2010-10-14 / Community
Masry wants state to have a vision
Race for state Assembly
As Strickland terms out this year, Masry will make her fourth attempt for the assembly seat she first sought in 2004.
“California needs a new type of leadership,” she said.
The Newbury Park resident and Democrat challenges Republican Jeff Gorell of Camarillo for the office that serves parts of Ventura and Los Angeles counties, including Camarillo, Moorpark, Simi Valley and Thousand Oaks.
Both are seeking office at a time when voters hold an all-time low opinion of Sacramento lawmakers as the state battles high unemployment, a sluggish economy and large-scale cutbacks across the board.
A statewide survey by the Public Policy Institute of California earlier this year found that just 9 percent of likely voters approve of the work being done by state lawmakers. It’s an image, Masry said, she would like to help turn around if elected Nov. 2.
“What I see is appalling,” she said. “I’ve never been scared in my life like I am scared this time because California is missing a lot of things.”
Although a longtime proponent of both healthcare and education, much of Masry’s platform this election is focused on the state’s economy. It’s a problem that must be addressed before other issues can be tackled, she said.
“California really doesn’t have a vision, especially economically,” said Masry, a government and history teacher at a San Fernando Valley high school. “We don’t know the plans of the Republicans or Democrats or people in the Assembly in 10 years, 20 years or 50 years.”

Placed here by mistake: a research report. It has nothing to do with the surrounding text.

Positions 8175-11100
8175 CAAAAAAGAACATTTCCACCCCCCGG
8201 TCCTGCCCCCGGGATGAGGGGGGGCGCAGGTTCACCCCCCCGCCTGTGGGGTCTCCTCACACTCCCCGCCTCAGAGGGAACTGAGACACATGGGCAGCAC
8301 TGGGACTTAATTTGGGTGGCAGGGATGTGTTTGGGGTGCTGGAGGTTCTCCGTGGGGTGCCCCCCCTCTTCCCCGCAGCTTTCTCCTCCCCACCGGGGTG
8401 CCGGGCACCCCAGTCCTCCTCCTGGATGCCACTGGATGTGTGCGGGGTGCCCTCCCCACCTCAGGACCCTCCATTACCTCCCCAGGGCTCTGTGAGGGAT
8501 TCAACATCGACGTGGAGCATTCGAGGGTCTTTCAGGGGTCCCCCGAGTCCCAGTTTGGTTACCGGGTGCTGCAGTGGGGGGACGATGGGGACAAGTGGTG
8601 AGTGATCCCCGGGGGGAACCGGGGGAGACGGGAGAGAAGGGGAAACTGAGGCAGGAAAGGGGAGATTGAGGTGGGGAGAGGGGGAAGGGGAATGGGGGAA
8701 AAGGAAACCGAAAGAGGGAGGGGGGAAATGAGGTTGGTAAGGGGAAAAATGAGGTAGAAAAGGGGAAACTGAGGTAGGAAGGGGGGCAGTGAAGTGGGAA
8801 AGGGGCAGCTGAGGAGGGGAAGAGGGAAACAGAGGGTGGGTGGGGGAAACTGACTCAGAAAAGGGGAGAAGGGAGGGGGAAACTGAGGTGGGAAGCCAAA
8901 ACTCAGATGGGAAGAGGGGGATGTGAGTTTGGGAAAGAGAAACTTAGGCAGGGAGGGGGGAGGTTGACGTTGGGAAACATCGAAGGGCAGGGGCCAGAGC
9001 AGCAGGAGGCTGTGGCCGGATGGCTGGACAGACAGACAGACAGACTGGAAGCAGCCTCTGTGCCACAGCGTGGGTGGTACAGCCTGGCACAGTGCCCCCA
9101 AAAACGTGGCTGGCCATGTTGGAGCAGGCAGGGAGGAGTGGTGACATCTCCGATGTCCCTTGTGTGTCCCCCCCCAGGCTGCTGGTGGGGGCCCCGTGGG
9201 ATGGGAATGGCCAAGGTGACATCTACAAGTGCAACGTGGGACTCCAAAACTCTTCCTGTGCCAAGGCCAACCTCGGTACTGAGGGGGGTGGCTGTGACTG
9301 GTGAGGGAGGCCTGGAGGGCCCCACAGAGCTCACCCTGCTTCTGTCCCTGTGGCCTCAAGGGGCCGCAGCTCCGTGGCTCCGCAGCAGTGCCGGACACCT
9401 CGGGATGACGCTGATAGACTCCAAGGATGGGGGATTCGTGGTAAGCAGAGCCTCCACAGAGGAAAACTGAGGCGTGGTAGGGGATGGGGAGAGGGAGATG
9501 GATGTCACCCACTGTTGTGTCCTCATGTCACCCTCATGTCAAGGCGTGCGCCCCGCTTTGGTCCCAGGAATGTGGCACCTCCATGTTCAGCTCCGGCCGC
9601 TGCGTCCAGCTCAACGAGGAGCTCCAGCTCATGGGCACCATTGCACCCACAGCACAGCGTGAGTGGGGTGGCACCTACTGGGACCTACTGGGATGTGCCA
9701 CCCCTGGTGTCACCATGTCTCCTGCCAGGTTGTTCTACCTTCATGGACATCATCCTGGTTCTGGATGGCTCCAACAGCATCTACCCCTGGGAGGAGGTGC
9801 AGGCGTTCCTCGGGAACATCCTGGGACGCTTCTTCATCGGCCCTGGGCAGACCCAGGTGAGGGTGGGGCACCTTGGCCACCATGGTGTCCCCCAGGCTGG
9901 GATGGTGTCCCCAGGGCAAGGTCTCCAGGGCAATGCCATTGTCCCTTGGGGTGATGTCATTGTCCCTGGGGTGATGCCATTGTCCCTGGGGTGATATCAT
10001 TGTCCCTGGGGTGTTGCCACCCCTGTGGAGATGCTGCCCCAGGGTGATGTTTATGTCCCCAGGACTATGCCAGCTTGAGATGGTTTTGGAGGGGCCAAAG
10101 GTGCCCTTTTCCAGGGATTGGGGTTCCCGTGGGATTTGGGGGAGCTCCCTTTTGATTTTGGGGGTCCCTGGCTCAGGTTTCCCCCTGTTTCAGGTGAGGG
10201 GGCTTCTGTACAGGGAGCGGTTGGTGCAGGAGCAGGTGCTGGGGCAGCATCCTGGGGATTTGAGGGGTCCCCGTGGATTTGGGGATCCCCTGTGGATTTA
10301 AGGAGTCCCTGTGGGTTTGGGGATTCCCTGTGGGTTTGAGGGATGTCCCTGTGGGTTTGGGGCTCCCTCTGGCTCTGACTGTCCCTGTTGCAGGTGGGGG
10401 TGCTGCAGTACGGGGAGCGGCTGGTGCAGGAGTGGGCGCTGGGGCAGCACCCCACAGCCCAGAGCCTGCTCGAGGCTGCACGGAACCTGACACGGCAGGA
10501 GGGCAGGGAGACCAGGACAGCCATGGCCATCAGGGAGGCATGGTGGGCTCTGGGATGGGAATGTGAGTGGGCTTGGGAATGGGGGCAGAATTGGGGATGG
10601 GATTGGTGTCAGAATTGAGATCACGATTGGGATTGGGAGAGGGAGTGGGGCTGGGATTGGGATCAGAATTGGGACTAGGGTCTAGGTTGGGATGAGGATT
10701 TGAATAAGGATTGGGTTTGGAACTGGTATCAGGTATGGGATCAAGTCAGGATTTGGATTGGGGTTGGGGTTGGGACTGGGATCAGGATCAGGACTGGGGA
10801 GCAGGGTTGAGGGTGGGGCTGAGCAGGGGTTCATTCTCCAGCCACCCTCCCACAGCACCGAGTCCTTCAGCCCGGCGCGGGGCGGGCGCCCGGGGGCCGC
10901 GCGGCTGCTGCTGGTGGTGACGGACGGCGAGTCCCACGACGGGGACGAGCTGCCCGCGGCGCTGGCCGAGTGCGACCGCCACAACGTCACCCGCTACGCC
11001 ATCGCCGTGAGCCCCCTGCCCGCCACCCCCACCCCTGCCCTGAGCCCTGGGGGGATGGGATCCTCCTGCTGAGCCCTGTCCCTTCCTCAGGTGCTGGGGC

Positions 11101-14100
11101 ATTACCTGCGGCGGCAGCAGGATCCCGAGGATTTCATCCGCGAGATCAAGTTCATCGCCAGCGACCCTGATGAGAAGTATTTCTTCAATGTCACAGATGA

Masry said the state “does not have monetary policy. It has only fiscal policy.”
She explained that both parties in the Legislature battle each other for tax dollars then look to cut pension, healthcare and education costs in an attempt to balance the state’s $21-billion, debt-ridden budget. She said the state does little to save money and functions with a “tax and spend” approach to government.
Masry said state lawmakers make fiscal decisions on a year-toyear basis as opposed to having a long-term economic plan.
“Where are we going economically?” she said. “They have no idea.”
Masry said she supports using tax money to invest in California businesses, effectively creating a state-run venture capital firm that relies on the innovation of entrepreneurs for a return on investment as opposed to stock market investments.
Masry said she believes the fact that a two-thirds majority vote is required to pass the budget has hurt the state and California would be better off if a simple majority vote was all that was needed to approve the state’s annual budget.
“I think the majority should rule, because if the majority screws up, the voter can . . . get them out,” she said. “At least the voter would know who to blame. This way we’re not blaming anybody. We’re blaming the system.”
She said budget cuts in the classroom continue to hurt students in a damaged education system that’s in need of reform.
Masry said it’s lower income students who have mostly been hurt by state cuts.
“We graduate them without skills and abilities to help themselves, so what we condemn them to is poverty, crime and prison,” Masry said.
She said the state is geared toward a “one-system-fits-all” education plan that does not offer much in the way of trade schools.
“We are targeting only one system to teach everybody, and that is not realistic,” Masry said, adding that public education is the state’s “wealth. That’s our future.”
Born and raised in Mecca, Saudi Arabia, until age 10, Masry’s family moved to Egypt for its schools. She is a graduate of a college in Cairo. She immigrated to the United States with her husband in 1979.
A former small-business woman, she received her teaching credential and a master’s degree from California Lutheran University.
Because of her background, Masry said she can fully appreciate the personal freedoms allowed her in the U.S., which has been a motivating factor in her previous attempts for the Assembly seat.
“I can’t believe I’m living in California. For me, it’s a dream come true,” she said. “I want to serve this state that I really love.”
Masry has three grown children, one of whom served in Iraq with the U.S. military.